Wendy or Tinkerbell? How the Underrepresentation of Girls Impacts Gender Roles in Preschool Special Education

Article excerpt

In a public elementary school in the southeastern United States, a self-contained class of prekindergarten children with disabilities is playing with PlayDoh. As the children are molding and shaping the modeling compound, the only girl is helping the boys press shapes into their Play-Doh. She flutters around the other children showing them how to use the various shapes and encouraging them to roll and press the Play-Doh. The class comprised 10 boys and 1 girl. When questioned about the disparity in gender because of concern for the lone girl, the teacher commented, "Oh, she does okay, she mothers all the boys." In another classroom in the same school district, the single girl in a class of nine boys struggles to articulate her fantasy role model. The children are talking about their desire to be superheroes, vying for adult attention and pointing to their shuts to help illustrate their words describing popular cultural icons such as Superman, Batman, and Spiderman. The boys' exuberant, combined voices dominate the discussion and the adult listeners' attention is drawn to reinforcing the boys' use of language and participation in a discussion. Meanwhile, the little girl is overwhelmed by the sheer volume of the boys but persists in attempting to be an active participant in the discussion. Many times she tries to enter the conversation repeating the same phrase of which only the word "bell" is understandable. Despite many attempts and prompts from the adults for more information, her words are not understood and she never gets to be a part of the discussion. Later, when the children are acting out their favorite superheroes, one of the adults puts all the clues together to finally comprehend that the little girl was saying, "Me Tinkerbell." These incidents underscore the underrepresentation of girls in preschool special education self-contained classes, leaving them with almost no same gender friends or peers and thereby limiting them to the single role of motherly "Wendy" as they struggle to identify themselves as "Tinkerbell."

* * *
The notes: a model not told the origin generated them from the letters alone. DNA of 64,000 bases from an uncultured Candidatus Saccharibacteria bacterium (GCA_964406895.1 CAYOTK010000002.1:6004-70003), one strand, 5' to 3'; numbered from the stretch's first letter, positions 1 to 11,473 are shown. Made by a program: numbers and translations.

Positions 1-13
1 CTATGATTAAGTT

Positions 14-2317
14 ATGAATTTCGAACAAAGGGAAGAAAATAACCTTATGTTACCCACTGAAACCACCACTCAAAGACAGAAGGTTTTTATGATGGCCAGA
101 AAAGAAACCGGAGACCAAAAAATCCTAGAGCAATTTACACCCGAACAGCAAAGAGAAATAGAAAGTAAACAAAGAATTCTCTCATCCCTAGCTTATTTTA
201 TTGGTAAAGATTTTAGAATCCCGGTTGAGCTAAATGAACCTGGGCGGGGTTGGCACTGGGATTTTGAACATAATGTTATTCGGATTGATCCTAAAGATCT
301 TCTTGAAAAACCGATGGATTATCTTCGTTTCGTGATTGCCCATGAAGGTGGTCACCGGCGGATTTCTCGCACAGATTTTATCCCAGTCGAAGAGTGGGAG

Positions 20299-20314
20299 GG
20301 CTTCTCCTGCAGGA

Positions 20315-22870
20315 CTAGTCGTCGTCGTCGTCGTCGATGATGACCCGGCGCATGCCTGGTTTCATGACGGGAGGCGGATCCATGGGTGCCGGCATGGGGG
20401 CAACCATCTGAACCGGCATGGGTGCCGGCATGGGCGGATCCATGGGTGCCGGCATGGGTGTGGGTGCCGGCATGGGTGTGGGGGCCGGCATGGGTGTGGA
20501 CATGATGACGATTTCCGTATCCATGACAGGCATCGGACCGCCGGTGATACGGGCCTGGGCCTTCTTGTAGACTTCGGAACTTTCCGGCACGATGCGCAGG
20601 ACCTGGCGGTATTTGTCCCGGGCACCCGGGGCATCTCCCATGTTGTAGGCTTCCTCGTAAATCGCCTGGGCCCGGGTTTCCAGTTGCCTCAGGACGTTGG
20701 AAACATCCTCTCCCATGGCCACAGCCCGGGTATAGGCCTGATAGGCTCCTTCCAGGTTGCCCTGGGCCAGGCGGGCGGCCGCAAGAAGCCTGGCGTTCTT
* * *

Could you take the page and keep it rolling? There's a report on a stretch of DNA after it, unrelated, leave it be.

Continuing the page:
Historically, boys have outnumbered girls in special education. Across the developmental age span, the prevalence rates indicate that boys are more often identified with a disability than girls with a rate of 12% for boys and 8% for girls, respectively. This 4% difference does not account for the 33 % difference in enrollment in special education [American Association of University Women, AAUW, 2006). In one large school district in the southeastern United States, this disparity in enrollment has resulted in preschool self-contained special education classes of predominately male students. The scope of this article is to discuss the underrepresentation of girls in these special education classes and the impact it has on their development. These classes are a distortion of social reality and place girls with disabilities at risk for appropriate language, peer, and play models. One of the greatest criticisms of separate, self-contained special education classrooms is the lack of peer role models, which has prompted a push toward more inclusive environments for preschoolers. Gallagher (2006], among others, reported increased social interactions by children with disabilities when taught with typical peers in inclusive environments and confirmed that typical children help to foster social interactions. Therefore, in these particular self-contained preschool classes, not only are opportunities for typical peer interactions lacking but same gender peer interaction even between girls with disabilities is not available. This lack of same gender role models for preschool girls with disabilities and the long-term impact on their developing social skills and self-esteem may not be noticed in the education world (Colwell & Lindsey, 2005; Maccoby, 1990).

Little research has been conducted on gender and disability and gender roles in self-contained separate special education classes. Recently the disproportionality of students of color and older girls in special education has come to the attention of the public [Oswald, Best, Coutinho, & Nagle, 2003). …